- Pelvic Examination – this will help the doctor check for problems, if any, with your reproductive organs such as swollen, polycystic ovaries, or other growth in your uterus.
- Ultrasound – an ultrasound examination will enable the doctor to check your ovaries for cysts.
- Blood test – the doctor might also prescribe a blood test to check the levels of androgen in your blood. This will also help them rule out other hormonal disorders such as thyroid that often get mistaken as PCOS.
How is PCOS different then PCOD?
PCOS and PCOD are often used interchangeably but in reality, there are certain subtle differences in symptoms that differentiate the two.
In Polycystic Ovarian Disease (PCOD), the ovaries tend to release many immature eggs that end up turning into cysts. The ovaries become enlarged and secrete more than usual androgen leading to irregular periods, weight gain, infertility, and hair loss.
PCOS is more severe than PCOD. It is a metabolic disorder wherein the ovaries produce more androgen too, but this excessive production of androgen leads to the formation of follicular cysts that hamper ovulation.
PCOS symptoms become visible early on while the symptoms of PCOD are much less severe and most women with PCOD go their entire lives without a diagnosis. It is also easier to treat and cure.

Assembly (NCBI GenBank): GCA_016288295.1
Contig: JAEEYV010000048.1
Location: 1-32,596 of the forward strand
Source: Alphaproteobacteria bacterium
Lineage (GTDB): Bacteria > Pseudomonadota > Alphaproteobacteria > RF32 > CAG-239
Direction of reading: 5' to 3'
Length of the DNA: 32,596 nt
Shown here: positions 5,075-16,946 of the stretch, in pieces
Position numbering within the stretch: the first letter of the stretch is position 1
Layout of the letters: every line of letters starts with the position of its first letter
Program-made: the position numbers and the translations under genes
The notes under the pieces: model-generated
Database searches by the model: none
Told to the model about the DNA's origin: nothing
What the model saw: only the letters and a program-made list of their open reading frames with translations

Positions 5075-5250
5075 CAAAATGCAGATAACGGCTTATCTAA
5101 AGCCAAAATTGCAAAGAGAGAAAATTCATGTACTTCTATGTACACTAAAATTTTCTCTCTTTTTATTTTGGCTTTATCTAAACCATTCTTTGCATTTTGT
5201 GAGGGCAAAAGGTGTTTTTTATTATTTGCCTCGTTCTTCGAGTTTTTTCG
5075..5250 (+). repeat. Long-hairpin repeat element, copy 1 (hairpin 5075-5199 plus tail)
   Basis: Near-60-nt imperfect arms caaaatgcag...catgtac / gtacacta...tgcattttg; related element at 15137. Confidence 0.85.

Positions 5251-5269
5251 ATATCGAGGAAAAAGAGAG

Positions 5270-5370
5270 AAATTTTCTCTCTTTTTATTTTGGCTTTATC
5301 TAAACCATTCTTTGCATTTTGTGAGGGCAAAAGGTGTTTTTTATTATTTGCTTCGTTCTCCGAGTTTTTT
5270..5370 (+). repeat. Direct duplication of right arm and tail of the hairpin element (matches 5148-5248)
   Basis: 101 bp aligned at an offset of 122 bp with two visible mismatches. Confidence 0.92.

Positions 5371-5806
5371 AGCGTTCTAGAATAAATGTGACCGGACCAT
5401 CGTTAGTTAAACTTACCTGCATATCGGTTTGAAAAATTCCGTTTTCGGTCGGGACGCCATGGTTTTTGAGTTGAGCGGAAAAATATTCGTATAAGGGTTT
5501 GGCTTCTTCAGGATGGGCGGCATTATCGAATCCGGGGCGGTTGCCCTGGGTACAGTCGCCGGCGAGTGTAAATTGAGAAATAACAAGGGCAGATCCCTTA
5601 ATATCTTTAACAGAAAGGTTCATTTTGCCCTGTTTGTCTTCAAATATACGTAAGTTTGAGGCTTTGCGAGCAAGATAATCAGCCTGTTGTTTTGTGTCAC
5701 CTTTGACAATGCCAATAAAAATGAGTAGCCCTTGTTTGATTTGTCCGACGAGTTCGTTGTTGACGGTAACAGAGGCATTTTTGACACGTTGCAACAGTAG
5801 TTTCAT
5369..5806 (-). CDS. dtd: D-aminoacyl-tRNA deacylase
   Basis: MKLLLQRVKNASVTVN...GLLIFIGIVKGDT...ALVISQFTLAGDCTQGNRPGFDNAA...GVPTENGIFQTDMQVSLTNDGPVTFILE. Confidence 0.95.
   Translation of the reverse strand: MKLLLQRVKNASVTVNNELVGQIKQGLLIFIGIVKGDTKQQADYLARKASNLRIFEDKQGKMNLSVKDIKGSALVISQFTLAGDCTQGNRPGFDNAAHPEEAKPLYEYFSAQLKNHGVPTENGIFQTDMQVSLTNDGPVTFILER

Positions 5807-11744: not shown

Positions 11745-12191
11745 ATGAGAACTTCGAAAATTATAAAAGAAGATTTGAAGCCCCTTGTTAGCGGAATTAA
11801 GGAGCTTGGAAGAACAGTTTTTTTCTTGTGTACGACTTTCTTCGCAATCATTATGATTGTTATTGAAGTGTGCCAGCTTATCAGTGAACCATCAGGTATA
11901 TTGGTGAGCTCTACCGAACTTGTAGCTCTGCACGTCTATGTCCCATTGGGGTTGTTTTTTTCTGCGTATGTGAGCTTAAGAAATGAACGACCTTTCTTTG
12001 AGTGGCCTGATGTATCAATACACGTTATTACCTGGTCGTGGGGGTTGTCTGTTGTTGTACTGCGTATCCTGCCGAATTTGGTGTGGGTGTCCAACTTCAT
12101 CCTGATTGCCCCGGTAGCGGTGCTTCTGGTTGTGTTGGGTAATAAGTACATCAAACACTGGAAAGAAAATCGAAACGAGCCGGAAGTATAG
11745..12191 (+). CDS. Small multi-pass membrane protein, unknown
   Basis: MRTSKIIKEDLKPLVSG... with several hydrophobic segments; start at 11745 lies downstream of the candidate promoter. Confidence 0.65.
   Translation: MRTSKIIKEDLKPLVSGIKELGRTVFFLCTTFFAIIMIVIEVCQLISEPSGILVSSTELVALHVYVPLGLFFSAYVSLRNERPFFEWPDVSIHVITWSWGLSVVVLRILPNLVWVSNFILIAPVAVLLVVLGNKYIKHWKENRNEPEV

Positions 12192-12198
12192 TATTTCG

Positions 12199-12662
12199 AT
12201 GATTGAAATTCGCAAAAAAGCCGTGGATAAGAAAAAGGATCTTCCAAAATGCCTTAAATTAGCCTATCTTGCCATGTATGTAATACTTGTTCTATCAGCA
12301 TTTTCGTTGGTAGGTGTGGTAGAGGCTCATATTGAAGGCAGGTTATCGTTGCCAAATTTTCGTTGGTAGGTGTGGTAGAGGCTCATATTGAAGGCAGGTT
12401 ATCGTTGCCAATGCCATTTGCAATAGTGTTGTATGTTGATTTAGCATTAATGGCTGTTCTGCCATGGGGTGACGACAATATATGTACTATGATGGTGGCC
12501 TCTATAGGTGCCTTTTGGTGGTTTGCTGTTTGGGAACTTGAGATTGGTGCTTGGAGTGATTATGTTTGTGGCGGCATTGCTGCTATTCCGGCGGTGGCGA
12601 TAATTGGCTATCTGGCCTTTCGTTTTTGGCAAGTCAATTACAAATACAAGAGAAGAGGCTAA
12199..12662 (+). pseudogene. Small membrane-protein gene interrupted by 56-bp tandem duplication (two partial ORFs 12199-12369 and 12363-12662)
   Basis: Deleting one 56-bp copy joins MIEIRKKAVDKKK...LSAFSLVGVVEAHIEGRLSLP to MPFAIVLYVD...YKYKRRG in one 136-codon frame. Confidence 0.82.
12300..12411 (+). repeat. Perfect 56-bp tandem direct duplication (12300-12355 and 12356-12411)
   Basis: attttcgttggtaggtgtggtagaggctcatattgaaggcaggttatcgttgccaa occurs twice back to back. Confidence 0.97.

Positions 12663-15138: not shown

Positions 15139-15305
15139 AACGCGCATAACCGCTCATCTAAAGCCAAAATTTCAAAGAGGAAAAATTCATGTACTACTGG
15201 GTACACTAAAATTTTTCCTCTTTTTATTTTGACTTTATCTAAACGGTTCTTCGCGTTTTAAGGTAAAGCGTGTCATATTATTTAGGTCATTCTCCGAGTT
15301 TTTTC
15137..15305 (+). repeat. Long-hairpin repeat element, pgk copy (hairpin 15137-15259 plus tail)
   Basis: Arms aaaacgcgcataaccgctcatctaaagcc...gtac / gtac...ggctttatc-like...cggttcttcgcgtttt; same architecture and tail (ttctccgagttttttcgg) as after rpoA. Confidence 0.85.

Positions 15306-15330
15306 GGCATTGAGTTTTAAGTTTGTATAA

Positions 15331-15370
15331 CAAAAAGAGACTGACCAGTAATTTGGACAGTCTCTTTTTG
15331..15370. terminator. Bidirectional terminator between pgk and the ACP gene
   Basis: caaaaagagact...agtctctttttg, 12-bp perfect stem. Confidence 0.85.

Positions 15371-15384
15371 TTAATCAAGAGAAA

What treatments are available for PCOS?
Even though PCOS can be a serious issue, it is completely manageable and the treatment for PCOS involves making drastic lifestyle changes. Cutting out excess sugar and junk food from the diet and replacing it with healthy, nutritious food that is low in carbohydrates can lead to substantial weight loss. This helps in regulating the menstrual cycle and alleviating the PCOS reasons and symptoms.
Complementing a healthy diet with at least 30 minutes of moderate to high-intensity workout has shown to help with PCOS immensely. Along with regulating the menstrual cycle, these lifestyle changes also lower the risk of developing diabetes. In the long run, it also helps in preventing other lifestyle disorders such as high cholesterol, hypertension, and cardiovascular diseases.
How can doctors help in managing PCOS?
Apart from the above-mentioned lifestyle changes, in severe cases, doctors might also prescribe medication. These medications help in regulating the menstrual cycle and treating other symptoms of PCOS such as acne and facial hair growth. In rare cases, when none of the treatments work, doctors might prescribe a surgical intervention.
If you are suffering from any of the signs and symptoms of PCOS, it is important to talk to your parents about it and follow a proper course of treatment. Even though PCOS is a severe condition, with consistent efforts and medical intervention it is absolutely treatable.
While it is a serious condition, when diagnosed in its early stages, symptoms of Polycystic Ovary Syndrome are completely manageable– often by simply making better lifestyle choices. If you are experiencing any signs and symptoms of PCOS, there is absolutely no need to get scared or panic. Speak to someone you trust – your parents, your elder sister or even your school’s counsellor, and seek medical intervention, if needed.